Friday, August 10, 2012

Howard Terpning, Movie Poster Illustrator

During his long commercial art career Howard Terpning illustrated over eighty movie posters, creating artwork for some of the most famous movies ever filmed.







Even when the film is perhaps somewhat less well know, Terpning's magnificent, dramatic posters inspire excitement and awe.



Despite being so prolific in this illustration niche, Terpning never received any of the original art back. The originals were owned by the studios that commissioned them and according to a recent article on Terpning in the L.A. Times, "he says most of the originals have been destroyed."

Over the years he has been able to reacquire only one of his movie poster originals; the art he created for yet another classic film, "The Taming of the Shrew."


Last year another Terpning movie poster original that escaped being destroyed sold at auction for nearly $14,000. Below, the original art for the 1961 film, "55 Days at Peking."


What an amazing opportunity to inspect Terpning's every brush stroke in such clear detail!


* Many thanks to Heritage Auctions, where I located nearly all of today's scans, for allowing me to make use of them in this post.

* If you're interested in perusing many more of Howard Terpning's movie posters, drop by The Sand Pebbles website.


  1. We were lucky enough in LA to have recently had a major show of Howard Terpning's western paintings at the Autry Museum. I found I couldn't absorb it all in one visit...wound up going twice. Amazing work. And I wasn't familiar with all his movie poster work.
    Thanks for the treat, Leif!

  2. s much as I admired the quality of the work from that show at the Autry-- I longed to see more tension in the work. 98% were the noble savage listening to the wind or hanging out-- only a few and a lot of emotion. I'd also love to see him do today's Indian. Something besides the same old catering to the collector.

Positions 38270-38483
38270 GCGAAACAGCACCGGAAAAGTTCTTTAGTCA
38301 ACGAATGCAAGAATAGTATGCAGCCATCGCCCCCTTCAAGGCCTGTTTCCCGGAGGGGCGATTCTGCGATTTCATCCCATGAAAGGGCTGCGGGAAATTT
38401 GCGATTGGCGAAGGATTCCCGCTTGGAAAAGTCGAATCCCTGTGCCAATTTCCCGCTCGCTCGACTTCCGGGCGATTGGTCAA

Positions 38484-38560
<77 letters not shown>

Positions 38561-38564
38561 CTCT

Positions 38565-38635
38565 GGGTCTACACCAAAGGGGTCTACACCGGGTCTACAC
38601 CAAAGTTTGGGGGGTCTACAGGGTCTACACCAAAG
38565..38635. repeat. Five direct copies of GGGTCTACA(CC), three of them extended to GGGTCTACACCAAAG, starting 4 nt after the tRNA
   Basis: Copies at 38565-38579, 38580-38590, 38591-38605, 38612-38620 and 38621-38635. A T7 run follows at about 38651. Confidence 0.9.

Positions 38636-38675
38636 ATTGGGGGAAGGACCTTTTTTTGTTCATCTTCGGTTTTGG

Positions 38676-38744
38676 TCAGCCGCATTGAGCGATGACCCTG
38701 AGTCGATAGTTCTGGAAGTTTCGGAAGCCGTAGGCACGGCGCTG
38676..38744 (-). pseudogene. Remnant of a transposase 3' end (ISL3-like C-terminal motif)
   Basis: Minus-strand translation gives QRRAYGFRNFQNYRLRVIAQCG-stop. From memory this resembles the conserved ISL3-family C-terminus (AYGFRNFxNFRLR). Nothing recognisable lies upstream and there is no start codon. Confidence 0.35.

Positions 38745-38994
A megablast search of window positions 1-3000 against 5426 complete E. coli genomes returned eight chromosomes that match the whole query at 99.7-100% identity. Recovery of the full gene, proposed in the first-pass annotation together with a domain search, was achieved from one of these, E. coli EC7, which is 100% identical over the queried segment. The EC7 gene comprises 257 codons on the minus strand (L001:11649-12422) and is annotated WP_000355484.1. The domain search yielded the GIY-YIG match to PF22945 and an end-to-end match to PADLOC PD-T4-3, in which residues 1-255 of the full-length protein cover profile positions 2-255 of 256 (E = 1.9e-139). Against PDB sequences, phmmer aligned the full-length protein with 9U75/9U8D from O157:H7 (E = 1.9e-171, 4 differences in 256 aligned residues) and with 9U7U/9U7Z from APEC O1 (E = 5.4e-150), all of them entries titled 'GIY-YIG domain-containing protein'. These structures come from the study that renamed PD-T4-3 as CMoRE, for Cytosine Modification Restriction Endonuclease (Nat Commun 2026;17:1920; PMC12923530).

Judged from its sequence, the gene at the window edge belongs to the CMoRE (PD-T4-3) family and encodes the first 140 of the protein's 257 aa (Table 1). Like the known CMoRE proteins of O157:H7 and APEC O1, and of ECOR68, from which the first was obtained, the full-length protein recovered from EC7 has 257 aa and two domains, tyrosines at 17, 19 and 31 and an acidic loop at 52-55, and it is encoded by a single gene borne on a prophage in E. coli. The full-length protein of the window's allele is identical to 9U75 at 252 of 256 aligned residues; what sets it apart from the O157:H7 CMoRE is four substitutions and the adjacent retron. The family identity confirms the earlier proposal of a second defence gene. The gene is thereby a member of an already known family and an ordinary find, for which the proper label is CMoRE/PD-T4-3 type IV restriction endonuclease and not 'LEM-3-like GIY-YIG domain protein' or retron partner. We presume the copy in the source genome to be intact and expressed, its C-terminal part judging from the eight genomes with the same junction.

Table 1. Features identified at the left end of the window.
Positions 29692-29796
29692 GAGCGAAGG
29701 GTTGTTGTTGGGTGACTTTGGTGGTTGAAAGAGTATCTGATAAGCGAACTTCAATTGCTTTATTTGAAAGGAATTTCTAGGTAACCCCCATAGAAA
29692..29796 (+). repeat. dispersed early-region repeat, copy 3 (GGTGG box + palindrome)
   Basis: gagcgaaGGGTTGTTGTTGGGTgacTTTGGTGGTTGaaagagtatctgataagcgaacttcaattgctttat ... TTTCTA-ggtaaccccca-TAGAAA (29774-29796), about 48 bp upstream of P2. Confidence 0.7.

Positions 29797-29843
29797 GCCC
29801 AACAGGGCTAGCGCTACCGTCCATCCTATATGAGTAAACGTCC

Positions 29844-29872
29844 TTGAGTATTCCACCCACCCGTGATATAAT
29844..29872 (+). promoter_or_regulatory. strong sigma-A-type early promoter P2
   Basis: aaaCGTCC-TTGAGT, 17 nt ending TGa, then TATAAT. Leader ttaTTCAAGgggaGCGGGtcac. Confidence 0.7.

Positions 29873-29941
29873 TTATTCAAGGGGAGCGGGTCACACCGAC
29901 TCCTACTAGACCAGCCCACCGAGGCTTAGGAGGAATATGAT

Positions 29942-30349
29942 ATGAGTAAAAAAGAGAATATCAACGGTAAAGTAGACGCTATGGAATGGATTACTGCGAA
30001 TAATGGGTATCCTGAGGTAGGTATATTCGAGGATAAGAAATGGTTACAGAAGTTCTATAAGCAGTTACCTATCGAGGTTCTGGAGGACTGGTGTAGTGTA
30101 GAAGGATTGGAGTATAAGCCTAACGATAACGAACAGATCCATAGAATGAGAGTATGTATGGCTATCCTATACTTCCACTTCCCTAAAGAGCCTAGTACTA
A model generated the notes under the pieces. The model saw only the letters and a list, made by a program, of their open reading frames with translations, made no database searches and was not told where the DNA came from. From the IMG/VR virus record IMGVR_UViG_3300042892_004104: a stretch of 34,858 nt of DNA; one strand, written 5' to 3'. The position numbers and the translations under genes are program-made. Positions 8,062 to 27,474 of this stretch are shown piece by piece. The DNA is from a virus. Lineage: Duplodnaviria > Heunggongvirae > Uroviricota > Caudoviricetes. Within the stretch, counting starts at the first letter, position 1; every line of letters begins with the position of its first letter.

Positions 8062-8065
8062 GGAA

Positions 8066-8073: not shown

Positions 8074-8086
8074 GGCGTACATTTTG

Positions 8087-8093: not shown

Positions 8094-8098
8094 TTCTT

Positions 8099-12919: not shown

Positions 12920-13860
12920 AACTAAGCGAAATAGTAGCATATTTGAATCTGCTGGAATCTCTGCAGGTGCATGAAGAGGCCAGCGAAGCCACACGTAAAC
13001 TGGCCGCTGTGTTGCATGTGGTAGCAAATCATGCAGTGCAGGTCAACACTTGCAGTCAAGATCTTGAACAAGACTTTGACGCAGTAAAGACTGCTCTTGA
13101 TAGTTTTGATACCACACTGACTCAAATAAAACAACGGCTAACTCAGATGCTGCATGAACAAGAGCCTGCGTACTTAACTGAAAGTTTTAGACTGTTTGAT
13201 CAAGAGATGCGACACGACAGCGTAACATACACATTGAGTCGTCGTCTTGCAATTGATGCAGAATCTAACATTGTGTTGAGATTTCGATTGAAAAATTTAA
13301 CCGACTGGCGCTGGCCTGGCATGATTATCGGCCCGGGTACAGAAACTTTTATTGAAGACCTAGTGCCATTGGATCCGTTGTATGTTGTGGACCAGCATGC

1. Mark Sahlberg4:28 PM

      Howard Terpning is not only the best western artist of our day but also the most careful, painstaking, and precise historian. Howard spent more time making sure of the historical accuracy of his paintings than in the painting itself.

  3. Knew about most of these but I had no idea Terpning did "The Sound of Music."

  4. I heard he did Julie Andrews.

  5. The movie poster art for "Cleopatra" sold last year in a Profiles in History auction for over $100,000
    Taylor had passed away a short time before the auction, so maybe that fueled the interest.

  6. First of all, let me just say that this post is a revelation for me, Leif, as I'm almost ashamed to admit that I'd never heard of Howard Terpning before now. Yet I see that Mr. Terpning has been responsible for creating several of my favourite illustrated movie posters! I've always felt that particular painting created for "Gone With The Wind" is one of the most iconic movie poster images of all-time, although I gather now that it was done for a re-release of the film. I checked out the link to his film work and found that he was also the artist behind the poster art for "Oliver!" and "Grand Prix", two film posters that I've long admired.

    Though it's great to see that original art for "55 Days At Peking", it is quite upsetting to see the water damage that it has suffered. I was curious as to whether he had painted it in acrylic or gouache, but I'm guessing it was likely gouache based on how the paint has run and blurred in those areas of water damage. Poor Ava Gardner's face has certainly been affected a lot! Here is a good image of the printed poster where you can compare how it looked in pristine condition.

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